Upgrade old electrical wiring
Healthy HouseTM TechTip
Houses with older wiring tend to have elevated EMF.
Knob-and-tube wiring was a early method of electrical wiring that was common to North America from the 1880s to the 1930s. Many older houses are still using this type of wiring today. Houses with this type of wiring usually have higher EMF as compared to houses wired according to current electrical standards.
Knob-and-tube wiring does not inherently contain a grounding wire, which means that you cannot use three prong appliances with this type of wiring. Many older homes with knob-and-tube have been improperly upgraded to support a grounded receptacle. In many of these instances, the grounding conductor is energized with voltage. This voltage on the grounding conductor creates an increased electric field radiating from the device plugged into the improperly grounded receptacle.
Knob-and-tube wiring is designed to contain significant separation of the hot and neutral conductors for heat dissipation. This separation causes elevated magnetic fields in the house.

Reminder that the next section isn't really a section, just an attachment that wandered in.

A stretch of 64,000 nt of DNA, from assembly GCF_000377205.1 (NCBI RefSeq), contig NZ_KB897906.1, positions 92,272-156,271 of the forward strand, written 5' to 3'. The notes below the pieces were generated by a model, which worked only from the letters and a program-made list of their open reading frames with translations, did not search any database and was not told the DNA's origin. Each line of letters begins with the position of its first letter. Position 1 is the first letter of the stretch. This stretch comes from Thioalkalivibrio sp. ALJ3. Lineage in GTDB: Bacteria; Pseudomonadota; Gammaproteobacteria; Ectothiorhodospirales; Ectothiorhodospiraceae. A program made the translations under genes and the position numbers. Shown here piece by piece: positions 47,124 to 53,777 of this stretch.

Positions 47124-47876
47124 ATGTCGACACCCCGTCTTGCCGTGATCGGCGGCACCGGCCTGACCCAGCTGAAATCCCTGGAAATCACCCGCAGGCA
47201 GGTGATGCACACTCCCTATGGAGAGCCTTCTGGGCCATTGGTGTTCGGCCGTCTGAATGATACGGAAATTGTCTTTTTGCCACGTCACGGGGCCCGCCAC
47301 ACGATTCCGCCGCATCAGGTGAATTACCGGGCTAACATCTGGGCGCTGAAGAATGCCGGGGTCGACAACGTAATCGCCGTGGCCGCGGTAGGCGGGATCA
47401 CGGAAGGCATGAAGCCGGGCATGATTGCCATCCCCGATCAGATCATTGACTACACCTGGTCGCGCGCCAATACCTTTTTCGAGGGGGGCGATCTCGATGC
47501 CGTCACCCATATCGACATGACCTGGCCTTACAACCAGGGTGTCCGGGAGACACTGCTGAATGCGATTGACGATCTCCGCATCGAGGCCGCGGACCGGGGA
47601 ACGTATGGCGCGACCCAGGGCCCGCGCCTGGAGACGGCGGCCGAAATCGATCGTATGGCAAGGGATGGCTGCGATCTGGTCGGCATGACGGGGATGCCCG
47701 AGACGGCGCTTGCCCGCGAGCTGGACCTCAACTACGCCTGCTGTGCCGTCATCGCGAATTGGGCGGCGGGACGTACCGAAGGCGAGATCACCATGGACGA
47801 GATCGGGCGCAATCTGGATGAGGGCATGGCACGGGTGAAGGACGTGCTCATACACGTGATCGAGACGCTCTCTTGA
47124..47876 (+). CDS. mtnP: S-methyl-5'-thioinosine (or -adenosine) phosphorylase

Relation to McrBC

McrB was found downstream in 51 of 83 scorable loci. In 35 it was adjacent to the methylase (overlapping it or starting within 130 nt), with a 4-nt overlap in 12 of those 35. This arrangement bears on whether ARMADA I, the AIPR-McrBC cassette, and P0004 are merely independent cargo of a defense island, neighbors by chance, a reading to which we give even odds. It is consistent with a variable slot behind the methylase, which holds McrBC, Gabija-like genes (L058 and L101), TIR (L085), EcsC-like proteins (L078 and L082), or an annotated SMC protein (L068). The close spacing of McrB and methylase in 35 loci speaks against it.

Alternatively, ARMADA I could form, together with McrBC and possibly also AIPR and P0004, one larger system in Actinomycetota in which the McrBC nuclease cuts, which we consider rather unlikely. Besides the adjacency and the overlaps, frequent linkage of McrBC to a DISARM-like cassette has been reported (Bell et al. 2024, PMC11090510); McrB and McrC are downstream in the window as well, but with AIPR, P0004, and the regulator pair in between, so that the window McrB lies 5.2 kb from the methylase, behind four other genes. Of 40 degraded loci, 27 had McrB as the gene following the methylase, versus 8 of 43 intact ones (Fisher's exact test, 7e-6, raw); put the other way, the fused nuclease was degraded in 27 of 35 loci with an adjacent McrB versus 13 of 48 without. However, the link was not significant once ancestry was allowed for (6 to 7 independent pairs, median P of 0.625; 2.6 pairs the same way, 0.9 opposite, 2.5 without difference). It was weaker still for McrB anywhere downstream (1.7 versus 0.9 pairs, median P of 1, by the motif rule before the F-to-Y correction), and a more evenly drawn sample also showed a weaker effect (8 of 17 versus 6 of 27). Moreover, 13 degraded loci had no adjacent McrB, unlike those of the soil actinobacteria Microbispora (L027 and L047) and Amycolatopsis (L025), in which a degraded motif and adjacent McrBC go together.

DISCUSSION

Even in newer houses, the electrical system can develop problems as the system ages. Circuit breakers and GFCI receptacles can fail with age. Circuit breakers should be inspected periodically to ensure that there are no signs of corrosion or debris buildup. At any sign of corrosion, the circuit breaker should be replaced. When a circuit breaker or GFCI protection device fails, the switching contacts can remain closed and the device continues to provide power—providing no safety protection, which can result in serious injury or even death.
When replacing electrical wiring, consider using a metalized conduit. When instrumented correctly, metalized conduit will block the electric field coming from the hot conductor that is energized. Elimination of the electric field will result in a lower body voltage as compared to alternative wiring containing a non-metalized plastic or vinyl jacket.